The main legal forms of companies available for doing business in Poland are:

  • limited liability company (spólka z ograniczona odpowiedzialnoscia - sp. z o.o.);
  • joint-stock company (spólka akcyjna - S.A.);
  • limited joint-stock partnership (spólka komandytowo-akcyjna - S.K.A.);
  • registered partnership (spólka jawna - sp. j.);
  • limited partnership (spólka komandytowa - sp. k.);
  • professional partnership (spólka partnerska - sp. p.);
  • sole proprietorship;
  • civil law partnership (spólka cywilna - s.c.)

Limited liability company

A limited liability company may have a single shareholder. It can not be formed solely by another limited company with one shareholder. Registration of the company is performed by the registry court.

The minimum share capital of a limited liability company is 50,000 PLN.

The formal bodies of a limited liability company are the Shareholders' Meeting and the Management Board. A Supervisory Board or Audit Commission is optional, unless the limited company has a share capital exceeding PLN 500,000 and there are more than 25 shareholders. In limited liability company each shareholder has the right of inspection.

Members of Management Board are jointly and severally liable for the company's liabilities towards company's creditors if enforcement against the company proves ineffective, unless a member of the board shows that bankruptcy was declared or arrangement proceedings were initiated in due time or that the lack of such declaration or arrangement proceedings was not his fault, or if he indicates that creditor incurred no damage.

Joint-stock company

Joint-stock company in Poland can be established by one or more persons.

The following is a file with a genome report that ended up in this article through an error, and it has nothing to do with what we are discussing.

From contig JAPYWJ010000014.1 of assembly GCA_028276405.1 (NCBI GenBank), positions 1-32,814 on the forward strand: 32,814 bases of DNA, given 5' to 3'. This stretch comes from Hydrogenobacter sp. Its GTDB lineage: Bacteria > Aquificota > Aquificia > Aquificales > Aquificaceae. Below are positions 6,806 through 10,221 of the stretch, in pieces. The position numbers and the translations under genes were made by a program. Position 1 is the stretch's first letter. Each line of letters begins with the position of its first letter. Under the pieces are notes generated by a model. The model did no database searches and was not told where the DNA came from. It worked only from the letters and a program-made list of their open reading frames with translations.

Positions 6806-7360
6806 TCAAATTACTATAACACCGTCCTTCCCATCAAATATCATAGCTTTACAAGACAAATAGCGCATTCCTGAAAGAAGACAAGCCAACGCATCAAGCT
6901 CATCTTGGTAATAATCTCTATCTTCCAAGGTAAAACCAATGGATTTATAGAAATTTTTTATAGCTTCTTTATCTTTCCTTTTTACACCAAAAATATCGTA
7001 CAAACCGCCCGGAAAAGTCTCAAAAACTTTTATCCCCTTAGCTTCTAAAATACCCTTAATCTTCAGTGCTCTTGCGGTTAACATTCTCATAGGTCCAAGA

A limited liability company with one shareholder can not be the sole founding member of a joint-stock company.

The formation of a joint-stock company involves the following:

  • execution of the Articles of Association by the founding members;
  • making the payments for shares in accordance with the law;
  • establishment of the Management Board and Supervisory Board;
  • entry of the company into the register.

The Articles of Association should be concluded in the form of a notarial deed and signed by the founding members.
Registration of the company is performed by the registry court.

The minimum share capital requirement is PLN 500,000.

A share must have a value of at least PLN 0,01. Shares acquired through a contribution in kind should be fully paid up not later than one year after the registration of the company. Shares acquired through a cash contribution should be paid up in 25% prior to the registration of the company. If the shares are acquired solely through a contribution in kind, or through a contribution in kind plus a cash contribution, 25% of the nominal share capital should be paid up prior to registration.

The formal bodies of a joint-stock company are the Shareholders's Meeting, the Management Board and the Supervisory Board.

The shareholders of a joint-stock company are not personally responsible for the obligations of the company.

The polish Code of Commercial Companies provides for the civil and criminal liability of the company founders, Management Board and Supervisory Board members and shareholders, for certain activities undertaken in violation of the law.

Limited joint-stock partnership

This partnership has no legal personality.

There are two types of partners required to form this partnership:

  • a partner whose liability for all the obligations of the company is not limited,